If you ask Indians where they park their excess funds, a majority will attest to opting for fixed deposit schemes. Here, making an FD investment is synonymous with financial maturity. If you have such an account, it can probably help you tide over periods of financial uncertainty.
Fixed deposits are investments where individuals can park a significant amount of their excess savings, and enjoy considerable wealth appreciation. These are not market-linked instruments. Thus, they do not warrant the same risks as mutual funds or equities do.
However, why exactly did this love affair between Indians and fixed deposit investments start? Why is it that the populace continues to park its disposable income in such instruments when there are numerous other options available?
Before proceeding to dissect this norm, let’s learn some more about the evolution of fixed deposits in India.
Traditionally, all banks were required to determine a uniform interest rate on their FDs for tenures ranging anywhere between 15 days and a year. The upper limit for these instruments was 8%.
However, 1985 was a turning point for Indian fixed deposits when this ceiling was removed. In 1992, fixed deposit interest rates underwent deregulation, following which their returns were no longer linked to their maturity. Banks were free to offer interests of up to 13% on any deposit made for longer than 46 days.
Complete deregulation for FDs occurred in 1997, after which bank rates and fixed deposit interest rates were no longer linked. This change was enforced by the Reserve Bank of India.
Today, banks are free to set their own fixed deposit rates and do not require to comply with what other institutions are offering across the same maturity period. However, one thing that has remained constant through all these years is that fixed deposits still offer guaranteed returns on investment.
The Indian population predominantly comprises individuals belonging to the middle-income group. Such individuals or households have extremely limited disposable income left after meeting their financial liabilities.
The lack of significant disposable income also predisposes investors in the country against undertaking risks. Most people simply do not have the financial backing to recover from huge losses in market-linked investment options.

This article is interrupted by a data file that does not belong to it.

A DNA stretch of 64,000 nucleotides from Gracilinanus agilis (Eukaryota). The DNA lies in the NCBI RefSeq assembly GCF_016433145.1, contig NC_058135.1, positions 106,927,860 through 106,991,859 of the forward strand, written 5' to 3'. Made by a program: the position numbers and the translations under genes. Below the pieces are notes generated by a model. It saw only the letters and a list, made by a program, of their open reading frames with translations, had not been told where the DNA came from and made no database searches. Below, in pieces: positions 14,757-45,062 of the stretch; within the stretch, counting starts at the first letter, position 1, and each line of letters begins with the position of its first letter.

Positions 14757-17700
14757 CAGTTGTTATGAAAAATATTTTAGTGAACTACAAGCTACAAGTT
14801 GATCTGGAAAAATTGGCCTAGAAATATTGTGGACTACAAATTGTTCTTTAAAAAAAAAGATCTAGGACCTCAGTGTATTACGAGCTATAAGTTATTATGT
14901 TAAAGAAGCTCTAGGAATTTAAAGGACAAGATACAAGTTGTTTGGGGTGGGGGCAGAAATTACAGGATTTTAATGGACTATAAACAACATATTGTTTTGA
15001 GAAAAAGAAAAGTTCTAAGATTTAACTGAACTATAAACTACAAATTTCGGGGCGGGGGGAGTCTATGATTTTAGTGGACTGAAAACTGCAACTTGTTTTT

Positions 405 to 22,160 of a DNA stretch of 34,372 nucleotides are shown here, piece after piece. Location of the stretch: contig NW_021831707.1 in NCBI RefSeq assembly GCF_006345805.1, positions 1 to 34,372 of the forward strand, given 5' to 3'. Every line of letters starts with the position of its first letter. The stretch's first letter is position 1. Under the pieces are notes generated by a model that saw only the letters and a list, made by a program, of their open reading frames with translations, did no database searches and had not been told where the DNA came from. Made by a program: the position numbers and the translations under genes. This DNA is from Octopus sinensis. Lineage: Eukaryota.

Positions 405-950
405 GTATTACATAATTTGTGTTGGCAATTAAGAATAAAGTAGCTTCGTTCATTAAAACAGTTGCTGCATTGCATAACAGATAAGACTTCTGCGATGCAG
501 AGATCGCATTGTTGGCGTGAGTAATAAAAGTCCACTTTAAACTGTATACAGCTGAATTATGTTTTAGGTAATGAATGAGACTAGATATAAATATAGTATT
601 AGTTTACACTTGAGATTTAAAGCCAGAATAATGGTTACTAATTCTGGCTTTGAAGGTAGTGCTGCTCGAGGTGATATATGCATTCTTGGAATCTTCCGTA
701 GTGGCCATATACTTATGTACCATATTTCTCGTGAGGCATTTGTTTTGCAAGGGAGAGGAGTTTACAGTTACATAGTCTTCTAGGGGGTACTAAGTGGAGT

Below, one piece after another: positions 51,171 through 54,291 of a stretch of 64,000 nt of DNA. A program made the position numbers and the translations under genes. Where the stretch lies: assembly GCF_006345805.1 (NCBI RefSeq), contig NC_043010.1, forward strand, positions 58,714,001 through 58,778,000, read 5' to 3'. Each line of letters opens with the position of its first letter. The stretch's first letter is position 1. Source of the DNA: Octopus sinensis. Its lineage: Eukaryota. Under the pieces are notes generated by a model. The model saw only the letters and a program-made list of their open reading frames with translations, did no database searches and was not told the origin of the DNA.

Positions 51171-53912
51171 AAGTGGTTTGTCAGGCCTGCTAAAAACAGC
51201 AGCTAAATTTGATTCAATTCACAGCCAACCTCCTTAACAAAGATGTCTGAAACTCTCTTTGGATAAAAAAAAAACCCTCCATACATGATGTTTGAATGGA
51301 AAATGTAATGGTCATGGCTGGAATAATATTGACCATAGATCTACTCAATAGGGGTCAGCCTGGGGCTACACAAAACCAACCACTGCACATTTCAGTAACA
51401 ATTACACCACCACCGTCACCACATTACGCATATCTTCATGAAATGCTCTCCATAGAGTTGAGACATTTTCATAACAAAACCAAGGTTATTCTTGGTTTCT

Therefore, fixed deposits are the ideal choice. Although such investments severely limit one’s wealth-generating potential, they offer maximum capital security.
In fact, credit rating agencies, such as CRISIL and ICRA, score bank fixed deposits on their safety. Such safety ratings can help people determine the safest options, with minimal or no risk of losses.
Additionally, individuals who lack a stable source of income, including retirees, can take advantage of monthly or quarterly interest payouts from fixed deposit accounts, rather than having to wait for maturity.
While the Indian market is saturated with a bevvy of FD options, one can divide these into two kinds. The primary difference between the two is related to interest payment frequency.
Indians are familiar with the fact that fixed deposits are safe investment options, almost as safe as their savings account. Such instruments also offer several other benefits as well –
If you park your life savings into a non-cumulative FD after retirement, earning a comfortable income from it is simple. This is an especially useful option for people who do not have the privilege of relying on a fat pension.
FD investors can withdraw their capital investment under certain circumstances. Such withdrawals are almost instantaneous, thereby allowing access in case of emergencies. However, premature withdrawal from fixed deposits warrants penalties in most cases.
Financial institutions are ready to extend a line of credit to you against your fixed deposit account. Moreover, you can avail such loans without fulfilling any additional eligibility requirements.
The loan-to-value for such credits generally ranges between 85% and 90%. In comparison, mutual funds or equity investments do not offer any such credit facilities.
You can leverage a fixed deposit account to acquire a secured credit card. Like a loan, such credit cards come with limits of up to 90% of your fixed deposit value. Interest rates on such cards are also lower than traditional credit cards.
Individuals who do not meet the stipulated credit score requirement to opt for unsecured credit card options can avail these alternatives.
Those willing to start an FD must, however, have a sum of at least Rs. 5000 to park into this investment. Further, the returns generated from fixed deposits, while guaranteed, fall short to meet the financial goals of many individuals.
This has forced many new-age investors to seek other forms of investments. Mutual fund investment through SIPs has found favour among this demographic. With such options, individuals can segregate a portion of their monthly income into these funds and enjoy the prospect of higher gains.
Nevertheless, fixed deposits remain a popular wealth-generating option in the country. It also represents one of the simplest ways to initiate your investment portfolio.